Pictish Beast

There is a beast swimming in the belly of the earth,
crouched in the salt-water of waiting.

It slithered out from all the stories - words
long since torn into shreds by claws

drawing the sly lines of a crowded mouth
beaked into a smile, carving the long tail ...

About the poem

This poem appeared in The London MagazineApril/May 2016 edition.

This poem formed part of my MA Dissertation, in which I examined the physical and culture clash between native Britons and Romans in Ancient Britain. The topic allowed me to undertake fieldwork and travel across Britain looking at artefacts from the era. There are numerous extant carvings of the Pictish Beast and it is something that fascinates me because historians remain uncertain about what it represents. There are many other Pictish carving of animals which are easily recognisable but the creepy figure of the beast does not correspond to any known creature. I imagined that perhaps the image was a universal sign of warning. Both the known and the unknown within history offer an incredible opportunity to invent, understand and humanise the past and explore the relevance within our lives today.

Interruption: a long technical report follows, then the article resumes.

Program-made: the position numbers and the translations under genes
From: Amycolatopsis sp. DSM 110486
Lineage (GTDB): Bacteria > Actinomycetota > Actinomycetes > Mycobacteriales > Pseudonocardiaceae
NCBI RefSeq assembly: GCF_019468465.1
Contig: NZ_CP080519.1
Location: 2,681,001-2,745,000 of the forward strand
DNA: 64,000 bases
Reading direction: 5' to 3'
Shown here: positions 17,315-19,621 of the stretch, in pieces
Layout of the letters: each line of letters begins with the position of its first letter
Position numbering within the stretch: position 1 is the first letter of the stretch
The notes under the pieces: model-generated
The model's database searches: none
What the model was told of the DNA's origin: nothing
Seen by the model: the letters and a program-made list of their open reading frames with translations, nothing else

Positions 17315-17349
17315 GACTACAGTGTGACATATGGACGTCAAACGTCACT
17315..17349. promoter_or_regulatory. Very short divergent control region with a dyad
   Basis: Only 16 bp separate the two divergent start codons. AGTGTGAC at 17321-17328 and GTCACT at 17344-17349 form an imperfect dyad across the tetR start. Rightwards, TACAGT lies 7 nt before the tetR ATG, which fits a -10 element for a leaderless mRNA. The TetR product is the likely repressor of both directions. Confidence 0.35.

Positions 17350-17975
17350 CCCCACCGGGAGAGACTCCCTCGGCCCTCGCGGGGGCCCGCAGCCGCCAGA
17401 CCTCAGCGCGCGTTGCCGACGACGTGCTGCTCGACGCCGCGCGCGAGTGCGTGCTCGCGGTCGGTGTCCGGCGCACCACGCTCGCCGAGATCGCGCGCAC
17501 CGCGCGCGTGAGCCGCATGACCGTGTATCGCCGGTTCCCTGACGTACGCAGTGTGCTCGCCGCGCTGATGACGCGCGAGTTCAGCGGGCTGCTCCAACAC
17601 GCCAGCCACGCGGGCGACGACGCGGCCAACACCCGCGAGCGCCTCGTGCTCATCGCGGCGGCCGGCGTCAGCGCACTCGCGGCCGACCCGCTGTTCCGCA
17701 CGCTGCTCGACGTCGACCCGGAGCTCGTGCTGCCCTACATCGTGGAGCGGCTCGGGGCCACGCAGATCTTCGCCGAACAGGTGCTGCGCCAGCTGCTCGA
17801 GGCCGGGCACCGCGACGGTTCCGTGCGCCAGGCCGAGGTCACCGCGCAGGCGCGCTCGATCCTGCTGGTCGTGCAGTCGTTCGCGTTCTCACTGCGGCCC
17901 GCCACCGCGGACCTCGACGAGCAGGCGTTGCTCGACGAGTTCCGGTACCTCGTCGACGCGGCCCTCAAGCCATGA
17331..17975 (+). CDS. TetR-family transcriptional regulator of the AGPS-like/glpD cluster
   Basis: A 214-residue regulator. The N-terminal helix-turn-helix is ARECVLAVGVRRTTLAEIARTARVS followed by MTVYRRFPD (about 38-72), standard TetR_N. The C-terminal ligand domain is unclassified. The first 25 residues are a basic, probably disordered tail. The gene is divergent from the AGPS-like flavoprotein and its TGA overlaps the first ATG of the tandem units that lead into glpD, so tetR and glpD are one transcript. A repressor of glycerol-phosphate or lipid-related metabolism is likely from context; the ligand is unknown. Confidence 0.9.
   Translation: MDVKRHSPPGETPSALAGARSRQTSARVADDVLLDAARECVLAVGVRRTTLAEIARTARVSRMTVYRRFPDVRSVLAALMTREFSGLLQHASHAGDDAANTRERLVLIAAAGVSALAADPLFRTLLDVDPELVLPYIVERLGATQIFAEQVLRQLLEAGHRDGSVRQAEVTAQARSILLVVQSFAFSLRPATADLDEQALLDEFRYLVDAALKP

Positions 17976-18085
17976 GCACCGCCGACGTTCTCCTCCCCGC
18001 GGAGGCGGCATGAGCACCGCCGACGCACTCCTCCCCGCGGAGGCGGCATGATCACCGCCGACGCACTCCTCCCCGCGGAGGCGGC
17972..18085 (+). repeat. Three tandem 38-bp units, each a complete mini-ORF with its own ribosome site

I highly recommend a trip to the Highlands to examine the Pictish carvings - whenever I visit that part of the world, inspiration seems to travel with me.

The London Magazine April/May 2016
The London Magazine Editions